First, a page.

Apollo Magazine

Angel delight? Twenty years of the Angel of the North

The Angel of the North may have been co-opted to sell baguettes in its time, but the north-east has undoubtedly come to love it

Angel of the North (1998) Antony Gormley. Wikimedia Commons

Introducing Rakewell, Apollo’s wandering eye on the art world. Look out for regular posts taking a rakish perspective on art and museum stories.

This week has marked the 20th birthday of Antony Gormley’s Angel of the North. Overlooking the Sunderland-bound traffic speeding down the A1, the ‘Gateshead flasher’ has become as much a symbol of the north-east as the Tyne Bridge or St James’s Park. Indeed, as the Chronicle puts it, Gateshead would be ‘unthinkable’ without it. Perhaps this explains why some bright spark is attempting to market an Angel fancy-dress costume on eBay for £175…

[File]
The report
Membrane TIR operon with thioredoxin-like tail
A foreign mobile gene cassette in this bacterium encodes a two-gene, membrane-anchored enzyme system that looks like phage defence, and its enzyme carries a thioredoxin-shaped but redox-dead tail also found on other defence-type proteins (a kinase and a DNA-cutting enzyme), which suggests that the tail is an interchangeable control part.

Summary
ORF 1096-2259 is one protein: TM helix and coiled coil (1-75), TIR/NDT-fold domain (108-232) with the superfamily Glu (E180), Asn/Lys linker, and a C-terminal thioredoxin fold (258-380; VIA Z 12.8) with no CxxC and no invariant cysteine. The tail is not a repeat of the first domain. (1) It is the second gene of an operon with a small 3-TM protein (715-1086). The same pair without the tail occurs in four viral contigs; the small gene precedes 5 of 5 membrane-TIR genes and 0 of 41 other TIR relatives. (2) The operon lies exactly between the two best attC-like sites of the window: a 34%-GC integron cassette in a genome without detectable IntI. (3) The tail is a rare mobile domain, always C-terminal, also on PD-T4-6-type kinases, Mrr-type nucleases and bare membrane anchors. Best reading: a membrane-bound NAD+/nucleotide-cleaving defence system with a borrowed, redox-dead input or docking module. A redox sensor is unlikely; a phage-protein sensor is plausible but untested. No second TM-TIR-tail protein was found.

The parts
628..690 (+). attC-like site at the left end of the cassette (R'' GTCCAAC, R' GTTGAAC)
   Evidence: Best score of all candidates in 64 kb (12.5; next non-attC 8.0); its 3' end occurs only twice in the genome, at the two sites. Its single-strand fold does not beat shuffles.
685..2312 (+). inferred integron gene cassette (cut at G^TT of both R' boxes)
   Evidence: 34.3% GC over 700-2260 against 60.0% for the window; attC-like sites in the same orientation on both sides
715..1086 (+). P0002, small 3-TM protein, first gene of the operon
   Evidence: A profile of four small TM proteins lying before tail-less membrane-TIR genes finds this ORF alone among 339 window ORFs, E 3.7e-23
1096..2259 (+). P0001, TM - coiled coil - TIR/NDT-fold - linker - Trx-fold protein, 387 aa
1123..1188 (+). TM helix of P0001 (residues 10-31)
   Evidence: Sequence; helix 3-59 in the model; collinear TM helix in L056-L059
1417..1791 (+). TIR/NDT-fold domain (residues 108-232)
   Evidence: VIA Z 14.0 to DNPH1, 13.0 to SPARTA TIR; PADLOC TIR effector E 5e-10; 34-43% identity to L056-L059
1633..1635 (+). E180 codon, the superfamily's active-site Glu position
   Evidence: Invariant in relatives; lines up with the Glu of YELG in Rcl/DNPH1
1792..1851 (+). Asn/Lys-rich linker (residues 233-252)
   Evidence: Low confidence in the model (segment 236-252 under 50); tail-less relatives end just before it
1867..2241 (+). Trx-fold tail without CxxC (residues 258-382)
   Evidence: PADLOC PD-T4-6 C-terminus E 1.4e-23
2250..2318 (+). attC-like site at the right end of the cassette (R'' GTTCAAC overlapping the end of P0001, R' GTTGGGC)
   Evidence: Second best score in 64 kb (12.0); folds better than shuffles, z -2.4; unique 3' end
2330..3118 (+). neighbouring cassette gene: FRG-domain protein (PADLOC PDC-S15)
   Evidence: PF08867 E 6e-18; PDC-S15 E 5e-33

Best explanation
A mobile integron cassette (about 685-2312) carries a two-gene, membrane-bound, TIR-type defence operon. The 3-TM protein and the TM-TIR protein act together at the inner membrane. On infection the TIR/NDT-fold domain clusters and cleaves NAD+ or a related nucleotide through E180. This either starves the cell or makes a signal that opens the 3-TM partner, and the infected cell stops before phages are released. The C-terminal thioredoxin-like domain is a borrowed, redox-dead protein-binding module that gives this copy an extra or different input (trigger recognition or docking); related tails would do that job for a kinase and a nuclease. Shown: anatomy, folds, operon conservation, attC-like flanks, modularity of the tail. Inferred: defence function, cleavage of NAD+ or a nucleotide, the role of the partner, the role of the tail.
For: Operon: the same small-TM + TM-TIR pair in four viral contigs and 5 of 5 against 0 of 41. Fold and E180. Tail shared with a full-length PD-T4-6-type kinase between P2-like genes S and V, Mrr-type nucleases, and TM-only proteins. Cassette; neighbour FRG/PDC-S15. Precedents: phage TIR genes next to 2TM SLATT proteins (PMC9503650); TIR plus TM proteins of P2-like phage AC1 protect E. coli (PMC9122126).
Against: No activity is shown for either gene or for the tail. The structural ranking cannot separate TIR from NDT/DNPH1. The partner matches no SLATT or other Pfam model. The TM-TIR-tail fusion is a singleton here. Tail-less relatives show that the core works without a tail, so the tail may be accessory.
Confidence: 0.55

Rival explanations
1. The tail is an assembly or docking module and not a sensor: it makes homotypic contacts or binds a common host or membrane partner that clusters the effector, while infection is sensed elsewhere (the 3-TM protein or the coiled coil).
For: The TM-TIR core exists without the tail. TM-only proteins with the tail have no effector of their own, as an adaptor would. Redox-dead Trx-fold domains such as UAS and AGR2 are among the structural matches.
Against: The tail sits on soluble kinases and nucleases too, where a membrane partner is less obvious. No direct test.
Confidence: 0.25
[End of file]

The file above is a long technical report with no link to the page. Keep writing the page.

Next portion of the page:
Nevertheless, not everyone has been on message about the monument over the years: the late Brian Sewell described it as a ‘monstrosity’. More recently, the Angel has suffered no end of indignity as a prop for guerilla marketing campaigns. In 2014, the supermarket chain Morrisons was forced to apologise after it projected an image of a baguette stamped with its livery on to the sculpture’s wings. Later, members of the Vote Leave movement used the Angel as a billboard for its campaign to leave the European Union, prompting Gormley to intervene.

But not all attempts to co-opt the Angel have gone down quite so badly. In the run-up to the 1998 FA cup, Newcastle United fans conspired to dress it up a giant football shirt bearing the name of team captain Alan Shearer, securing acres of publicity and more than a little goodwill.

Gormley himself has credited the stunt as his sculpture’s ‘baptism’. ‘I thought “yes, now the Angel is being accepted”’, he told ITV. Lucky it wasn’t a Sunderland strip…

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